Gray Adams writes "My inspiration for this piece is the seven sorrows of the mother of Jesus. In our churches, frequently they have a statue of Mary with seven swords in her heart. As a parent you hurt deeply when your child is hurt. Since the 2016 presidential campaign, I have witnessed the pain of my four children and nine grandchildren. They have been under attack for their gender, their race and their personal safety. The flaming hearts are important in the Mexican culture. They come from the Sacred Heart of Jesus and the Immaculate Heart of Mary. To me, my flaming heart symbolizes the burning passion of love overcoming the heart break.

The reason I chose Scott Gressitt is because he is a wood worker who in his spare time crafts beautiful hearts. I draw and sculpt hearts all the time, so his work intrigues me. His hearts are romantic and exquisitely crafted in contrast to my conceptual realism."

Stephanie Bedwell's Over Time superimposed over Michael Field's Salton Sea on the left, facing Gray Adam's work.

Stephanie's lightweight boat form alludes to the poignancy of the human condition, navigating life in a boat that really cannot stay afloat. Michael's photograph is the backdrop for Stephanie's hanging boat. 

Michael's work documents both natural and manmade changes over time to the Southern California desert landscape. While his photograph of the receding Salton Sea highlights the passage of geologic time and the influence of humans on the landscape, Stephanie's work is cognizant of time in a different way. The sculpture Over Time reflects on another question: How does one live wholeheartedly, despite the suffering and loss inherent to time? Sharing connections between materials and place, their work becomes a study in consciousness, calling us to notice the natural world as they document their paths through it.

Lisa Hutton's No. 23672 Ladies White Umbrella Underskirt 79 cents, No. 23673 Ladies White Underskirt 90 cents, No. 23674 Ladies Fine White Underskirt $1.25, and No. 23671 Muslin Underskirt 65 cents (two on each side). Stephen Chalmer's Blood Spattered Leaves and Her Struggle Was Useless (center).

Hutton writes "My work explores Victorian-era media and is inspired by the 1897 Sears Roebuck Catalogue--the original consumer's guide. For me, this is not the first time this catalogue has inspired some artwork. The catalogue provides a unique glimpse into an earlier time for women. My reproductions of ladies' undergarments reveal the way clothing is gendered. Men in this era, after all, were wearing pants. These examples demonstrate that progress can be measured in the clothing choices women and men can choose today.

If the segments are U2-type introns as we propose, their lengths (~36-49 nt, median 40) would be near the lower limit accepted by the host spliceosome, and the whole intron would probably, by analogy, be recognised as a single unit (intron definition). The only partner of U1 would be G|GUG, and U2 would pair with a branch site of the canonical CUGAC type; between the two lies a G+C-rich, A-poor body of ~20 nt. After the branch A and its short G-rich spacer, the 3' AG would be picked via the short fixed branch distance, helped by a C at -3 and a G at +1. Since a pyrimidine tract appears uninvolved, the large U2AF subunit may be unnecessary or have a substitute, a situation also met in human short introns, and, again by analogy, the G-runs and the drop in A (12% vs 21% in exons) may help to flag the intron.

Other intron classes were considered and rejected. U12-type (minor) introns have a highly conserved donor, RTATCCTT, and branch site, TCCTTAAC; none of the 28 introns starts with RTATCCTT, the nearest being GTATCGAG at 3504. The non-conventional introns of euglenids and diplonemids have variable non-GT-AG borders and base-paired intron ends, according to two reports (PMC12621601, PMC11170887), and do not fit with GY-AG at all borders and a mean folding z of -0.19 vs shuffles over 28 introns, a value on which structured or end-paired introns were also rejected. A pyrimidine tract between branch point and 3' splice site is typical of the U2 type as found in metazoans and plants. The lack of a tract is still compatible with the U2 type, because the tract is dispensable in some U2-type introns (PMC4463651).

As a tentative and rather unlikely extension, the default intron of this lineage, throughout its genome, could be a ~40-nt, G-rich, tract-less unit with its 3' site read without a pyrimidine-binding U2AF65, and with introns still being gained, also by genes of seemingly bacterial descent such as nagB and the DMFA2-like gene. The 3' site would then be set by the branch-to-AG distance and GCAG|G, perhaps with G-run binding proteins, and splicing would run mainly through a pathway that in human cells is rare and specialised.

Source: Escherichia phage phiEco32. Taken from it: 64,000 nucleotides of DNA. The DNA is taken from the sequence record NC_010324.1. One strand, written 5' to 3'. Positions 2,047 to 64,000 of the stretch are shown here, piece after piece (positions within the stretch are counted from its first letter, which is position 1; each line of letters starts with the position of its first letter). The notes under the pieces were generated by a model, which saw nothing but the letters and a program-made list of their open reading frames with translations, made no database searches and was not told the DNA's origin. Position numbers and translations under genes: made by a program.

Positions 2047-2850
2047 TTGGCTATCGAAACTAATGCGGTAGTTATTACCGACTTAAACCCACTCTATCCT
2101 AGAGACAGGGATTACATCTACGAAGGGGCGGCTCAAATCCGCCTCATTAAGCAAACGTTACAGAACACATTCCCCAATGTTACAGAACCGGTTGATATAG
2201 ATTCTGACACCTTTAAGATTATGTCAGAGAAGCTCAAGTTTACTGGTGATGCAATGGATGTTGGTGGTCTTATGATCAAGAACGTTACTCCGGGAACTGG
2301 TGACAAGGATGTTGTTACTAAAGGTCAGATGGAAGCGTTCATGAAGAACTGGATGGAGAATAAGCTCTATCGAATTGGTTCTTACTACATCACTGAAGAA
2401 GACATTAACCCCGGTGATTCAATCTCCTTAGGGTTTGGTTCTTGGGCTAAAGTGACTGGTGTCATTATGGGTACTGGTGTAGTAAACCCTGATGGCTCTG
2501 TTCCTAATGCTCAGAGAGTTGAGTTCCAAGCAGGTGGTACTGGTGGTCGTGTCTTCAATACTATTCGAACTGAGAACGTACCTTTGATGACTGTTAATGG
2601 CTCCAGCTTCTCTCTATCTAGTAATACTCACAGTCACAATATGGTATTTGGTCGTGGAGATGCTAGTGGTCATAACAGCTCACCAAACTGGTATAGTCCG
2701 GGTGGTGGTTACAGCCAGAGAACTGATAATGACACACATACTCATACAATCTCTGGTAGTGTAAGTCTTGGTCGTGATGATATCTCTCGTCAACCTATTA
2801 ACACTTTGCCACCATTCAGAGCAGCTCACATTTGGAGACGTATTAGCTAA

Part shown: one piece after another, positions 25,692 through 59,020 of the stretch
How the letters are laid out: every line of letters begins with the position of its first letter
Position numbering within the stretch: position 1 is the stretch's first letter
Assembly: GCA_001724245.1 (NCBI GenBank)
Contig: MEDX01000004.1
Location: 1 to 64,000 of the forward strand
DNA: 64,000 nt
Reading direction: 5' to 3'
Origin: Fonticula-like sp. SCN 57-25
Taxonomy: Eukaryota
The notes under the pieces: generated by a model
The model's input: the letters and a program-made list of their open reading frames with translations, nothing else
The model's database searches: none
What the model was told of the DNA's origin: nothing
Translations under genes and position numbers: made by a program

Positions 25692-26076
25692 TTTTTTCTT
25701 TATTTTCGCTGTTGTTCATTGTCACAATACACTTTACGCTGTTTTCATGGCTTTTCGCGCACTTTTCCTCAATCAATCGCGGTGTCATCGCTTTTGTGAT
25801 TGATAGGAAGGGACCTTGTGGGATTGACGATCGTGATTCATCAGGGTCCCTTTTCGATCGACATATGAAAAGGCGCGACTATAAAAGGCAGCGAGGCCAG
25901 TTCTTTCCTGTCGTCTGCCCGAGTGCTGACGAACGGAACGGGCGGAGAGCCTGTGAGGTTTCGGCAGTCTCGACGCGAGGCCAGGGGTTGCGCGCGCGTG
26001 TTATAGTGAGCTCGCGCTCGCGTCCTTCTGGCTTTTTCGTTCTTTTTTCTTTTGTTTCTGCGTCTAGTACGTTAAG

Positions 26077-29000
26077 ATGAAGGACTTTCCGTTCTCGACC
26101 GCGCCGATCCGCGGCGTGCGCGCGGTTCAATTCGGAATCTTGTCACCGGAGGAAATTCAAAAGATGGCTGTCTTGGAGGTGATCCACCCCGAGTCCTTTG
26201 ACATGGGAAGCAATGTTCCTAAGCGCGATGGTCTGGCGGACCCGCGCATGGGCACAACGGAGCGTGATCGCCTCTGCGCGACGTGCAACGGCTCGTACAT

I invited Stephen Chalmers, whose current work examines the life and death of Pearl Bryan. On 1 February 1896, Pearl Bryan was seven months' pregnant when she was murdered and decapitated in northern Kentucky by her lover, with the assistance of his roommate. This crime was called 'the crime of the century' and captured the imagination of the country--with daily coverage of the trial in the New York Times and more than 25 popular folk songs.

These works are temporally connected and provide a sense of women's experiences and the popular attentions of the nation during the last decade of the 1800s.

Judith Christensen's The Patient Prefers to Lie Quietly in a Dark Room, Two and James Christensen's Headwaters of the Feather River.

Judith writes "The Patient Prefers to Lie Quietly in a Dark Room: Two is about migraines. The imagery on the bed is a topographical map of a serene and scenic place, the Sierra Valley in Northern California, a place we visited each fall, from the time my daughter was a baby until she was in her teens. The lines on the map are created by handwritten text, culled from scientific articles about the history, causes, and neurological studies about migraines. Like the Sierra Valley, the bed is a refuge--the place to be for those who experience migraines. For all of us, even those who don't have migraines, the bed can be a comforting place for our bodies and minds.

I invited James because, although we've never formally collaborated, we live together, so we share ideas and technical information and act as a sounding board for each other as we work our way through the various challenges the creative process presents. There are common threads--thematic, structural, and the use of materials--in our artwork. A central form in our artwork is 'containers.' Both hats and beds are designed to contain our body or a part of our body. The hat has an additional container that is integral to the piece. The immaculately constructed box for the hat makes reference to James' years of constructing impeccable travel crates for the museums' artworks.

The box, the hat, and the bed become metaphorical containers for our experiences, the individual perceptions, and the commonalities that make up our day-to-day lives.